Fees have fallen but more needs to be done - avers CESA YPF

Concerned Consulting Engineers South Africa (CESA)’s Young Professionals Forum (YPF) are in solidarity with the students at tertiary institutions across the country in their fight against exorbitant fees and fee increases.

CESA YPF is worried about the inequality that is eating away at the fabric of our society. The success of the national #FeesMustFall movement has demonstrated the power of focused engagement in bringing about positive change.

"However, the damage to public and university property, as well as isolated incidents of violence is condemned in the strongest possible terms and reduced the ability of the students to make a meaningful impact," cautions YPF Chairpersons Jeshika Ramchund Moonsamy.

She notes that #FeesMustFall may have brought temporary reprieve to the thousands of students, who were desperately trying to complete their studies. This depicts only one side of the warped coin. "We have barely unpacked the reality of the vast number of students who are unable to secure workplace training to complete their studies and exacerbated by the lack of meaningful jobs for new graduates and entrants to the job market."

With South Africa's GDP at 1.3% in the three months to June of 2015, the worst performance since the 2009 recession, businesses continue to struggle to stay afloat. CESA represents over 537 consulting engineering practices (member firms) and as the driver of infrastructure development is engaging with government on maximizing the benefit of infrastructure development for economic growth and the ability of the construction sector to drive employment and training. It has been instrumental in tackling issues related to procurement of professional services, promoting service delivery and stopping the scourge of corruption that erodes government’s ability to deliver much needed services.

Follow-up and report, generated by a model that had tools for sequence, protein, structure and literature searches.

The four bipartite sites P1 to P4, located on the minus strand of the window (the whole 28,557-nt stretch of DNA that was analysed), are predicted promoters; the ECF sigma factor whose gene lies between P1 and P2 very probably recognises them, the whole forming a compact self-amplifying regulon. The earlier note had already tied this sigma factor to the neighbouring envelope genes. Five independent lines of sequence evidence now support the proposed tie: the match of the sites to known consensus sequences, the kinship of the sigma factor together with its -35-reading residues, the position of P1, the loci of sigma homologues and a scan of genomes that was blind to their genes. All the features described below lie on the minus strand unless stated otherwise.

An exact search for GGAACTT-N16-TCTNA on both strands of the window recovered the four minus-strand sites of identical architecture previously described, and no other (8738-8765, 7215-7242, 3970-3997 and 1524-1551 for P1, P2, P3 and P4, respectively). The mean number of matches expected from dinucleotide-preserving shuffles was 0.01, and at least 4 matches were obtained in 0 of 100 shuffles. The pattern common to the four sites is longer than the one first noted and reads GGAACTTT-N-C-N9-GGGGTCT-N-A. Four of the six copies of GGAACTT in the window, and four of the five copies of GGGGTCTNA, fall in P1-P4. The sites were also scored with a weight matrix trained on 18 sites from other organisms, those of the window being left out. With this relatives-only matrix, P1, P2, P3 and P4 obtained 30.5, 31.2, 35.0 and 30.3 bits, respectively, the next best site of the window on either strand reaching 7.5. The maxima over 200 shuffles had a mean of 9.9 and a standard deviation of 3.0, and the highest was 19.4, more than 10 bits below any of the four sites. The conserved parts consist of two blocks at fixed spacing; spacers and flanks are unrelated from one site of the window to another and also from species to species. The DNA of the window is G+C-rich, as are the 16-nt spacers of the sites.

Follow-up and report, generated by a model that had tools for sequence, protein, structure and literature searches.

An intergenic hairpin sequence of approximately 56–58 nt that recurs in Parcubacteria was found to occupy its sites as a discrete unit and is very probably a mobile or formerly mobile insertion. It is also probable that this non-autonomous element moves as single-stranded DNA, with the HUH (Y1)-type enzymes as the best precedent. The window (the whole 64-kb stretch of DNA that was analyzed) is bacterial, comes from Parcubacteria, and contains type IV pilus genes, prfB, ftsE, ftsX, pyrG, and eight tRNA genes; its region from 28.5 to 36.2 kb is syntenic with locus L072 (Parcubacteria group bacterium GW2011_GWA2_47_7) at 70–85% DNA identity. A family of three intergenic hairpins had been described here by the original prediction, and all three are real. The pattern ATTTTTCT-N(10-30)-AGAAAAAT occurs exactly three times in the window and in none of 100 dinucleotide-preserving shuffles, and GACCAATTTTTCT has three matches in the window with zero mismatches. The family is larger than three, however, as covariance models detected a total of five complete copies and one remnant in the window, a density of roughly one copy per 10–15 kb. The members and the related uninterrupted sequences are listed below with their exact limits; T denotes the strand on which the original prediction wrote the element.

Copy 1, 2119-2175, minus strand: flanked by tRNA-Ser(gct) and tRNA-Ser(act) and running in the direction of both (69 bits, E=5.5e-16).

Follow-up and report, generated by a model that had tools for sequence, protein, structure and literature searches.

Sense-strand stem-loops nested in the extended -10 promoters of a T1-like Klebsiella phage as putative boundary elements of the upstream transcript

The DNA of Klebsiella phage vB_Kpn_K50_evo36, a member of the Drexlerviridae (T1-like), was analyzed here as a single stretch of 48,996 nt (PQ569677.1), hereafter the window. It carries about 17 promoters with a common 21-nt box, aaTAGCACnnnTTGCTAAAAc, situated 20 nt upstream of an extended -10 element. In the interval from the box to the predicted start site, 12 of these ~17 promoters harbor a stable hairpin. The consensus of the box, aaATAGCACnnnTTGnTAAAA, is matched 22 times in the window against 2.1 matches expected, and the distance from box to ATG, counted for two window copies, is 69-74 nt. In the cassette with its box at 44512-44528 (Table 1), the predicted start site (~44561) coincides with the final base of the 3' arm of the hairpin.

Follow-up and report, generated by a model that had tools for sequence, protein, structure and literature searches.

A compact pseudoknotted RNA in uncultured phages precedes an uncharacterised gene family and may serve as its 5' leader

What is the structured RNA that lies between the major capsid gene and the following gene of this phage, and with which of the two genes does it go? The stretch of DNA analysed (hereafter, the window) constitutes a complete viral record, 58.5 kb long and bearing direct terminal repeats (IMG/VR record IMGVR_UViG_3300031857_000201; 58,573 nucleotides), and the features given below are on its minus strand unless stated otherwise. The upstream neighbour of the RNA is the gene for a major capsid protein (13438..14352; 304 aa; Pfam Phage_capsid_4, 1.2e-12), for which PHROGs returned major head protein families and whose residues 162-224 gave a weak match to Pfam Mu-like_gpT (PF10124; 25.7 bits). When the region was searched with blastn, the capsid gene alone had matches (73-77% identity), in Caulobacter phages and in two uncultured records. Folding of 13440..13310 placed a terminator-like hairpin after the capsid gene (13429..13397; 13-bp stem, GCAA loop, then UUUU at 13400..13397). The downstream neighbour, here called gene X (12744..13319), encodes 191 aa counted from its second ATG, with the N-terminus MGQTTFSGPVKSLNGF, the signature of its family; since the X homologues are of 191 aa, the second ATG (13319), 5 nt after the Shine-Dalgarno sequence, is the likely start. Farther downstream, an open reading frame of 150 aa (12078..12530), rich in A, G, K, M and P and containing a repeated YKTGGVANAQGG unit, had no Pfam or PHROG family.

Ramchund Moonsamy adds that CESA YPF is particularly concerned about the students in engineering and construction related studies. At the launch of the United Nations Educational, Scientific, and Cultural Organisation Africa Engineering Week at the University of Johannesburg in September 2014, Science and Technology Minister Naledi Pandor highlighted a shortage of engineers in South Africa and made a clarion call to increase the graduate pool.

"However, the recent CESA YPF National Survey revealed that a staggering 71% of YP’s in the industry know students at tertiary institutions that cannot find vocation work and in-service training in order to complete their qualifications. It is also worrying that 65% of YP’s in the industry who graduates in engineering (Bachelor of Science and National Diploma) have difficulty in finding employment after graduation."

It is commendable that government have identified the essential nature of adequate engineering skills in the country however an enabling environment is required to attract, train and retain engineering skills.

CESA YPF urges the government on behalf of the potential entrants and students of the industry to put initiatives in place to address the anomalies in procurement and to accelerate the ability of infrastructure service delivery to create a multitude of skilled and unskilled job opportunities across South Africa.